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Column: Let Pakistan's Taliban talks fail without us

Pakistani Prime Minister Muhammad Nawaz Sharif speaks during the United Nations 68th session of the General Assembly at U.N. headquarters in
Pakistani Prime Minister Muhammad Nawaz Sharif speaks during the United Nations 68th session of the General Assembly at U.N. headquarters in

By Daniel Markey

Adding to an unenviable list of challenges that already includes earthquakes, sectarian violence and an economy teetering near collapse, Pakistan's leaders are attempting to open a new round of high-stakes peace negotiations with homegrown insurgents, the Tehrik-i-Taliban Pakistan (TTP).

The United States cannot do much to help these talks succeed, but President Barack Obama should use his October 23 summit with Prime Minister Nawaz Sharif to ensure that if Pakistan's Taliban talks fail, they fail in ways that unite mainstream Pakistanis in the fight against violent extremism rather than creating new rifts between Washington and Islamabad.

Unlike the Afghan Taliban groups that have had a live-and-let-live arrangement with Pakistani authorities, directing their violence beyond Pakistan's borders, the TTP has conducted attacks with devastating effect on the Pakistani military and government, as well as innocent civilians. Pakistan's army chief, General Ashfaq Parvez Kayani, describes the group as the state's top security threat. And because Pakistan is a nuclear-armed, fast-growing state of nearly 200 million citizens that borders India, China, Iran and the Arabian Sea, the TTP's disruptive potential also threatens U.S. security.

Peace talks are not, in principle, a bad idea. If Pakistan can talk its way to peace with the TTP without jettisoning its constitution along the way — it should. That said, it is nearly impossible to believe the TTP, a group that has so far shown itself hostile to any serious reconciliation with Islamabad, would now put down its arms and play by democratic rules.

Sooner or later, these parleys are almost certain to fail. The crucial issue for Washington is how that failure unfolds. Two historical examples are illustrative.

In 2009, an earlier deal with militants based in Pakistan's scenic Swat Valley collapsed after it became clear that government compromises had only emboldened the Taliban to seize ground and impose a reign of terror. That deal, though, failed in the best possible way: It clarified the Taliban's anti-Pakistan (not just anti-U.S.) character and established popular support for the army to move in and roll back Taliban advances.

Unfortunately, four years later it appears that Pakistanis need to relearn similar lessons — in part because of the effective politicking of Pakistan's charismatic cricket-star-turned-opposition-politician, Imran Khan. Khan and his supporters claim that Pakistan's Taliban insurgents are motivated by external, particularly American, interference in Pakistan, whether in the form of drone strikes, covert operations or military incursions along the Afghan border.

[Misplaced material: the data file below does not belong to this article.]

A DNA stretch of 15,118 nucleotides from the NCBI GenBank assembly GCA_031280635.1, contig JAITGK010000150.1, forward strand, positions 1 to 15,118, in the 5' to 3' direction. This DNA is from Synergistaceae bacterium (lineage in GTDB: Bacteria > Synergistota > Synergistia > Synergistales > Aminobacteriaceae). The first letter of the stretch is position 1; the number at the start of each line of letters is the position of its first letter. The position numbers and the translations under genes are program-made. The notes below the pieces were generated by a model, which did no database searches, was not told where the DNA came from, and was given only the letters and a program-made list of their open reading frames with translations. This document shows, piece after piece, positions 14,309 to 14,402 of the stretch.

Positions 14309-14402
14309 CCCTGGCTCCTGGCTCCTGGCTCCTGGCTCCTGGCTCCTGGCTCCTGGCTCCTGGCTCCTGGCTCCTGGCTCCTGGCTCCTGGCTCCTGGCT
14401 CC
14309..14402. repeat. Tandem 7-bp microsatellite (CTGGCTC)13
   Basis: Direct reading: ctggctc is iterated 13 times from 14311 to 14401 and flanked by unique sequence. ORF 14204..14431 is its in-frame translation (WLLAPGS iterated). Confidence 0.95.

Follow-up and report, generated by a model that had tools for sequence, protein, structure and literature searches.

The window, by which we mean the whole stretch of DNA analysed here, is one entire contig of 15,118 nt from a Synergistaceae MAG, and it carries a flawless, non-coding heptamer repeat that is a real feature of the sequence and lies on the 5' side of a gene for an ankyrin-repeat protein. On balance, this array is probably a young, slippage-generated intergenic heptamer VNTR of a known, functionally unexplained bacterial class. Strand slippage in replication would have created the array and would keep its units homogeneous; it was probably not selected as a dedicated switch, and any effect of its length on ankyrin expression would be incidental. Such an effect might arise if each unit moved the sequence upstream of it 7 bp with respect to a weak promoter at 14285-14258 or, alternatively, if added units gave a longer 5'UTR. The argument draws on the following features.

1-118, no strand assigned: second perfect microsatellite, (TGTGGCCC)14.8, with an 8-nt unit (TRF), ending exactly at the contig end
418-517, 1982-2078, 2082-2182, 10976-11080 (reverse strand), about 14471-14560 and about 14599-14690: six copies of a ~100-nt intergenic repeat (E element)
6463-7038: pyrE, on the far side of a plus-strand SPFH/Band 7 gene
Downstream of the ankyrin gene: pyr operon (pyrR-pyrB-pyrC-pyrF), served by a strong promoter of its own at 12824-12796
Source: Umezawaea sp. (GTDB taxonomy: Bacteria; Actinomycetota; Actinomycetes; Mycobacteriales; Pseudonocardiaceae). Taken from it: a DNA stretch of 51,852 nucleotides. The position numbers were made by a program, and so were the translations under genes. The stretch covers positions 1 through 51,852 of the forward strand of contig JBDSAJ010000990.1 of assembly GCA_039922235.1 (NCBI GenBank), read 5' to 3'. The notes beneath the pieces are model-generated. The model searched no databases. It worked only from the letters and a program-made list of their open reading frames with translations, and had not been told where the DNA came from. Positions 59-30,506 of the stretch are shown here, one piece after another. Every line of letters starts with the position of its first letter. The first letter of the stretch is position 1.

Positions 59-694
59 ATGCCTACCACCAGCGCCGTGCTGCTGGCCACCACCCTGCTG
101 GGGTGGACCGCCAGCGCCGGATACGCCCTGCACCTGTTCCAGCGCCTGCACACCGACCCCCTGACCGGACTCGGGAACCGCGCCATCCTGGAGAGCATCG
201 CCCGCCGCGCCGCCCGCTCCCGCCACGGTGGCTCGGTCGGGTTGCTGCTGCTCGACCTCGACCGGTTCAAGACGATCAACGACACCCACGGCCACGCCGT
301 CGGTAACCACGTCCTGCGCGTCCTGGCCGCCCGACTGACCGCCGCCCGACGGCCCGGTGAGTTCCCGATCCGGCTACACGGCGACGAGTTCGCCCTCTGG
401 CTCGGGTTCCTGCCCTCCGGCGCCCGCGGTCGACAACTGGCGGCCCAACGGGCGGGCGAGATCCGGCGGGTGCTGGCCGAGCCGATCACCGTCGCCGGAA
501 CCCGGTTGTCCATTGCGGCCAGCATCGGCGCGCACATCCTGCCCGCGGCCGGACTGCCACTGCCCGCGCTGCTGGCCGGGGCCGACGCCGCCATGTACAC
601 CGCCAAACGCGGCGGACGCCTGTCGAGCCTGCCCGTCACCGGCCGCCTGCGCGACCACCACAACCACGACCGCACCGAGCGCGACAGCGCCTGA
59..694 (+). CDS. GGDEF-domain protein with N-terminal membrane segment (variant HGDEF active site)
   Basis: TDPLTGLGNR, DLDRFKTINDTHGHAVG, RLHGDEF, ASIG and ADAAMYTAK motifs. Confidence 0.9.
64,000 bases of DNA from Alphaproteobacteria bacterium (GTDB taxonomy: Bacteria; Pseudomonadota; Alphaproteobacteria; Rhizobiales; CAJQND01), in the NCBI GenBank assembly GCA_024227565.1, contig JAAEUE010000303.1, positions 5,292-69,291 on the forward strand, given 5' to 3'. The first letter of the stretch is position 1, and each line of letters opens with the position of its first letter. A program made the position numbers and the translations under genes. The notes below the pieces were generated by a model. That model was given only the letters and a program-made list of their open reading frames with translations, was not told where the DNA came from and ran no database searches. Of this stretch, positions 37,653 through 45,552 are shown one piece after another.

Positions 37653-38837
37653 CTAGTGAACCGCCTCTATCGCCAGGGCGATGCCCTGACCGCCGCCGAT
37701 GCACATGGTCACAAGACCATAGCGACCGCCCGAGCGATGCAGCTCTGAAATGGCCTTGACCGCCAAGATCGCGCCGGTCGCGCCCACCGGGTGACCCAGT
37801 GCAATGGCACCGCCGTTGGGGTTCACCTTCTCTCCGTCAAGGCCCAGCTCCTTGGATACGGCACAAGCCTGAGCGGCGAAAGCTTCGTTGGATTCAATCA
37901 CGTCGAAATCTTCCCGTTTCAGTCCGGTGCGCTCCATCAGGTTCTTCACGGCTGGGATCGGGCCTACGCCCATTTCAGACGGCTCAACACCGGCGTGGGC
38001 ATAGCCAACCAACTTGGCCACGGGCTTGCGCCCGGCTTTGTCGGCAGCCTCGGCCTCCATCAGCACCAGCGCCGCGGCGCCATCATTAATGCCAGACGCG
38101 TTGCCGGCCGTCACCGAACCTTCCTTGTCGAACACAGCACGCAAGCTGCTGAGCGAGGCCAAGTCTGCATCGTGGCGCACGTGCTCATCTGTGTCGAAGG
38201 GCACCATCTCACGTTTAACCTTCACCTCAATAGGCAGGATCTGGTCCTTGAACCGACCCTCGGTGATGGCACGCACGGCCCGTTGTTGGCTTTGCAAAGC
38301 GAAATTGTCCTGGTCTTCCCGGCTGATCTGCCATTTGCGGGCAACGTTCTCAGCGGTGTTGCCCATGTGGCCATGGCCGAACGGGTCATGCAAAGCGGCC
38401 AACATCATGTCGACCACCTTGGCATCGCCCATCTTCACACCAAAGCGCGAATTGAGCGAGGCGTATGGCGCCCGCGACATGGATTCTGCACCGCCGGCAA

If TTP talks again fail in ways that expose the group's true, anti-state colors, the appeal of Khan's message would likely fade and the army could anticipate broad support for new counter-TTP operations.

Peace talks, worryingly, could also fail in dangerous ways. In 2004, the first U.S. drone strike in Pakistan killed Nek Muhammad, an al Qaeda-linked Taliban commander who had just concluded a peace deal with the Pakistani army. Rightly or wrongly, Khan is far from the only Pakistani pointing to that episode as evidence that the United States aims to pit Pakistanis against each other. Therefore, Khan argues, rejecting cooperation with the United States is Pakistan's best course of action.

If Washington again offers Pakistanis such easy reasons to blame the United States for failed peace talks, it would not merely exacerbate (already rabid) anti-Americanism. Far worse, it would distract and confuse the public debate on pressing domestic security issues, dissipate national unity and undercut political and military leaders who would otherwise favor forceful operations when negotiations break down.

In an ideal world, Washington would avoid even the appearance of impropriety with respect to these talks. U.S. officials would go silent — just as they smartly did prior to Pakistan's elections last May. In addition, U.S. drone strikes would cease until the insurgents ruin the process on their own.

In reality, however, the situation is not so simple. Islamabad's talks with the TTP are only one piece in the wider puzzle of war and counterterror missions that Washington faces in Pakistan and neighboring Afghanistan. Charged with these other difficult assignments, U.S. defense and intelligence officials are loath to relinquish drones. For they believe drones provide the best — and often the only — way to attack adversaries holed up inside Pakistan's tribal belt.

These issues will likely come to a head when Sharif visits the White House on Wednesday. Obama should use their meeting to offer a compromise: U.S. drones will target only a negotiated short list of senior al Qaeda leaders while the TTP talks continue if, in return, Sharif ends Pakistan's public opposition to drones (including in the United Nations). Pakistan must begin to discuss a comprehensive counterterror partnership with the United States for the future.

Like any good compromise, it would be painful for both sides. But it would also lay the groundwork for significantly better U.S.-Pakistan dealings over the long haul — even as it improves the odds that this round of TTP peace talks fails in the best possible way.

(The author is a Reuters columnist. The opinions expressed are his own)

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